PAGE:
Invasive Plants

A plant that has been introduced, intentionally or passively, to a new geographical area is non-native, but not necessarily invasive. Invasive plant species display particular characteristics like fast growth, high seed production, and rapid maturation that—when combined with a lack of the natural predators and diseases that help control them in their native environment—allow them to rapidly grow and spread, overwhelming and displacing native vegetation. National parks in the San Francisco Bay Area are crucial natural refuges in a largely developed area. Invasive plants threaten these sanctuaries by permeating the landscape, altering ecosystem processes, and deteriorating habitat for many native plants and animals, including rare, threatened, and endangered species.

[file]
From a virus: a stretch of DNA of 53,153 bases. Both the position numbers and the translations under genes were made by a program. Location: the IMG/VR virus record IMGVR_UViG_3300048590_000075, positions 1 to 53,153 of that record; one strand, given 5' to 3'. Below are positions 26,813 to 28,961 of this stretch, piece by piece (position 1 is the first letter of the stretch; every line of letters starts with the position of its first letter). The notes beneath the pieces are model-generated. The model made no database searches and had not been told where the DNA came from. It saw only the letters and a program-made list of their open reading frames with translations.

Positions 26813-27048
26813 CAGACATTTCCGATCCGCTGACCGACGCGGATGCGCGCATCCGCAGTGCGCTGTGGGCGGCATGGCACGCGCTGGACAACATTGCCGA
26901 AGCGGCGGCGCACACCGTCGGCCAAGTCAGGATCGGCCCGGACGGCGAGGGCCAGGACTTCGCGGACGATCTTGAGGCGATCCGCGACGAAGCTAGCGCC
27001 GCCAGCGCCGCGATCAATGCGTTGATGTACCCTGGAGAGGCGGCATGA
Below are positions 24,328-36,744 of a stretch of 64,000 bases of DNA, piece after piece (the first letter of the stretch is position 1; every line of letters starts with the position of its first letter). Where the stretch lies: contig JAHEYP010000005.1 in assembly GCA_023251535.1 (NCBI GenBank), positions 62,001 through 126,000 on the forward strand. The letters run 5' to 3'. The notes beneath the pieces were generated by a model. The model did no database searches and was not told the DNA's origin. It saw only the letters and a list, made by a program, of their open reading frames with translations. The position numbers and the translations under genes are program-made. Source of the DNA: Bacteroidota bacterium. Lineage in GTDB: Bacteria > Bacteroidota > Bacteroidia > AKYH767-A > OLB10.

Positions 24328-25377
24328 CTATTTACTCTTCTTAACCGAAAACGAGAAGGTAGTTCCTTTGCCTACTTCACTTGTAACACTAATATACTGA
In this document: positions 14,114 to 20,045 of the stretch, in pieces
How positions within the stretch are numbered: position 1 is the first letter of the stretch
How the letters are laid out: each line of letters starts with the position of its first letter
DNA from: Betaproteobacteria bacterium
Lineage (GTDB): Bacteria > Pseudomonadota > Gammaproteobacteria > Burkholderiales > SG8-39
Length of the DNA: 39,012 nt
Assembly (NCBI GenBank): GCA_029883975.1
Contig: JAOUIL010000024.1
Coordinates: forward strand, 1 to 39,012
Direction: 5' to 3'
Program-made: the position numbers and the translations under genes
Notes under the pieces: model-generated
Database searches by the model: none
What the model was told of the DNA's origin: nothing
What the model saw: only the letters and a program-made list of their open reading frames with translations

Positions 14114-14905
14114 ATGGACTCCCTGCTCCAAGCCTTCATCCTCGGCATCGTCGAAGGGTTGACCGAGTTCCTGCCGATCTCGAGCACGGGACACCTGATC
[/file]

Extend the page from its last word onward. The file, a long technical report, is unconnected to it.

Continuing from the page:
Photo of a Forget me not
Quick Reads

Browse articles and information summaries about invasive plants in the San Francisco Bay Area.

Photo of iceplant (Carpobrotus edulis) removal at Point Reyes headlands.

Get the latest on invasive plants from the Bay Area Nature & Science Blog.

Close up of ice plant flower.
References and Links

Want to know more? This is your source for further information on invasive plants in the San Francisco Bay Area.

Long-term Monitoring

Being near developed areas also means that the parks are subject to a continuous barrage of non-native and invasive species growing nearby. Managing this constant stream of invaders is a daunting task. The San Francisco Bay Area Network Early Detection Program focuses on identifying, mapping, and eradicating the most invasive plant species before they become wide-spread. Since early detection began in 2008, NPS staff, interns and volunteers have mapped more than 5,000 priority invasive plant populations over more than 1,000 miles of roads and trails.

Close up image of Pyracantha at Mori Point.
Invasive Plant Monitoring

Dig in to monitoring protocols, reports, and more on the San Francisco Bay Area Network's Invasive Plant Monitoring page.

Creeping capeweed.
Early Detection News

Keep up with the latest numbers as the National Park Service monitors invasive plants.

Last updated: July 5, 2018